I used to fantasize about older ladies, and I even went so far as PMO-ing whilst thinking about some of my friends' mothers, or some of my mother's friends. I believe that these episodes have died down slowly for the past year since I started NF. Hopefully indefinitely.

    I didn't mean for this message to be this long: sorry about that.
    Thanks if you read everything up to this point,
    Thanks even if you skipped most of it.
    I don't expect any answers - though advice on how to work on my self discipline, get a grip on my masculinity, or have meaningful connections with ladies would be appreciated.

    Stay awesome guys, keep fighting the good fight. :)
     
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  8. staub

    staub Fapstronaut

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    Hey man, nice someone else got into this. :)
    I read the book as well after reading this post but it was already quiet when I finished it. So I can't say much more than there's the two of us at the moment. :)
    I've been neglecting the breaking free activities almost completely since I read another book directly after this one.

    The thing is also, this forum style here has a few inherent problems, a) it is anonymus. I think a lot of the value of these talking comes from it being with other people you know personally.
    and b) it gets cluttered and hard to follow up on quickly.

    I don't want to say that this is bad though. I'd happily use this chance to try to "build" a group, even if it is just hte two of us at the moment. :D
    Gotta start somewhere at least. :)
     
  9. IsThisANewLife

    IsThisANewLife Fapstronaut

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    I kinda agree about the limits of anonymity: I feel it makes it easier for people like me (who have a tendency to get scared of opening up about personal issues) to say what they feel, but it does make it harder on people trying to help, as they know very little of the context.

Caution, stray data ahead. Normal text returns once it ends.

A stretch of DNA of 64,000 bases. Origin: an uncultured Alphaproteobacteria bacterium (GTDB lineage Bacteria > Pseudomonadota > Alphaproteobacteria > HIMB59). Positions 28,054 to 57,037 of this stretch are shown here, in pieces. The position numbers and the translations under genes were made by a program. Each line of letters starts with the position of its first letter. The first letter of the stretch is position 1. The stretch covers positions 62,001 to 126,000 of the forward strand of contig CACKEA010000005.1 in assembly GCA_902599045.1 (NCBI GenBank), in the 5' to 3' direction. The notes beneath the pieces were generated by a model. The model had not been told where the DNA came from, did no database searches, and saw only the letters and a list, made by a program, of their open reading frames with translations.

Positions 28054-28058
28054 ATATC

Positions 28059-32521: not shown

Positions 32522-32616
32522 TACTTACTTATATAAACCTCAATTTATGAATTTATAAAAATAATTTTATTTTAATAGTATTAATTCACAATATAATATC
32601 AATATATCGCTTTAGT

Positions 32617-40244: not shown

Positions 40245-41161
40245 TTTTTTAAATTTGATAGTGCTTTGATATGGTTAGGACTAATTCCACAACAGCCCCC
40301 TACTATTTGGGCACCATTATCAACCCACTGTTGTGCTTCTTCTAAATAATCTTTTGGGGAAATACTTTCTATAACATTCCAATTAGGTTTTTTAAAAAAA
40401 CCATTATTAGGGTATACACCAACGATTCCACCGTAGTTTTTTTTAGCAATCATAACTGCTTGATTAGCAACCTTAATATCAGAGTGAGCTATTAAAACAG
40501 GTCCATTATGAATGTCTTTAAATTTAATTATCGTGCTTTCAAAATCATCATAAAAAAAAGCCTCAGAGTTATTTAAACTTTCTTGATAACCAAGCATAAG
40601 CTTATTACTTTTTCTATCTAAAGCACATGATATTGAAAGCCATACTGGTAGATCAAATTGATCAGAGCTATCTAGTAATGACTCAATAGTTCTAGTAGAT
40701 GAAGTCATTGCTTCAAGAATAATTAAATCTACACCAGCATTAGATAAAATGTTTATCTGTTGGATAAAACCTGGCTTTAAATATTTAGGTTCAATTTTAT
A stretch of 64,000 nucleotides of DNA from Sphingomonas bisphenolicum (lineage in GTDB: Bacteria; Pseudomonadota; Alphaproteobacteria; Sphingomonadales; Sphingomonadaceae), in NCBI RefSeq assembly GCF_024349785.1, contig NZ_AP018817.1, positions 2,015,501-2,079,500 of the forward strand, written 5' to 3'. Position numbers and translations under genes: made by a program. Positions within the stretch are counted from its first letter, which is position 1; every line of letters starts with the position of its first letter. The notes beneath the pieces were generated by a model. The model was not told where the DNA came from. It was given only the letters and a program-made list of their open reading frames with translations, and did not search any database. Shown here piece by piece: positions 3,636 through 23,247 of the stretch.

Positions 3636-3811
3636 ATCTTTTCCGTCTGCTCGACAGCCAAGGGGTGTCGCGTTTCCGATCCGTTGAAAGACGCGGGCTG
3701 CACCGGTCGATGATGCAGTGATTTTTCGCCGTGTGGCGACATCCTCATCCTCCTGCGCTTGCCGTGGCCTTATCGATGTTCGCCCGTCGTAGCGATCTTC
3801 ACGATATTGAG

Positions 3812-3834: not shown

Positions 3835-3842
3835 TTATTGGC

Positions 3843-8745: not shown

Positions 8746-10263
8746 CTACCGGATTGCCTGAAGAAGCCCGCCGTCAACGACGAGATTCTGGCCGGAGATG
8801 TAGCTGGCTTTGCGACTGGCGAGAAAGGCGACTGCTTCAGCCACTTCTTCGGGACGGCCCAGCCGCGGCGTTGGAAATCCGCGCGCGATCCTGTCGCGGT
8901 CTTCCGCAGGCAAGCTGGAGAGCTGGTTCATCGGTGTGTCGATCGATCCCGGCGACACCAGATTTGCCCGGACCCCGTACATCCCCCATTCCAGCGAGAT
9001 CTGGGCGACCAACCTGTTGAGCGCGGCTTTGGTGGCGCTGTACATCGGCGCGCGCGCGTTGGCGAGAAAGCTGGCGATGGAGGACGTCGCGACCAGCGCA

I sure hope we can manage to re-kindle talks about this book (or any other, for that matter), as it's been the first time I actually committed to reading a whole self-improvement book :cool:. I'm curious, by the way: what was the other book you read 'directly after this one'?

    Also, who do people use as their 'safe people'? Friends? Family? Accountability partners?
     
  10. staub

    staub Fapstronaut

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    The safe people are like close friends you can trust, brother, best friends such stuff, but I also believe the group can act as such (given you meet irl).
    But, safe people can also be on the internet. If I understand this correctly, the idea is someone who tracks your progress and someone who you can ask if you're in a tight spot.

    The idea in this is that you have to get out of your shell / comfort zone and as you said yourself it's hard opening up in person, but relatively easy on the internet. I'm stuggleing with the opening up a lot as well. I gave the book to my closest friend recently, hoping he will read it. I could imagine to some degree that accountability partners could work, given they want to. This could maybe be advanced to the degree of a closed skype/whatsapp group with group call sessions. Assuming everyone read and understood the book you could use these groups as portraied in the book. Voice/Video Chat would be kinda neccessary I'd imagine, though. (Breaking the anonymity and all that).
    But someone would also have to know to to lead the groups dialoge. This is the hardest thing I imagine.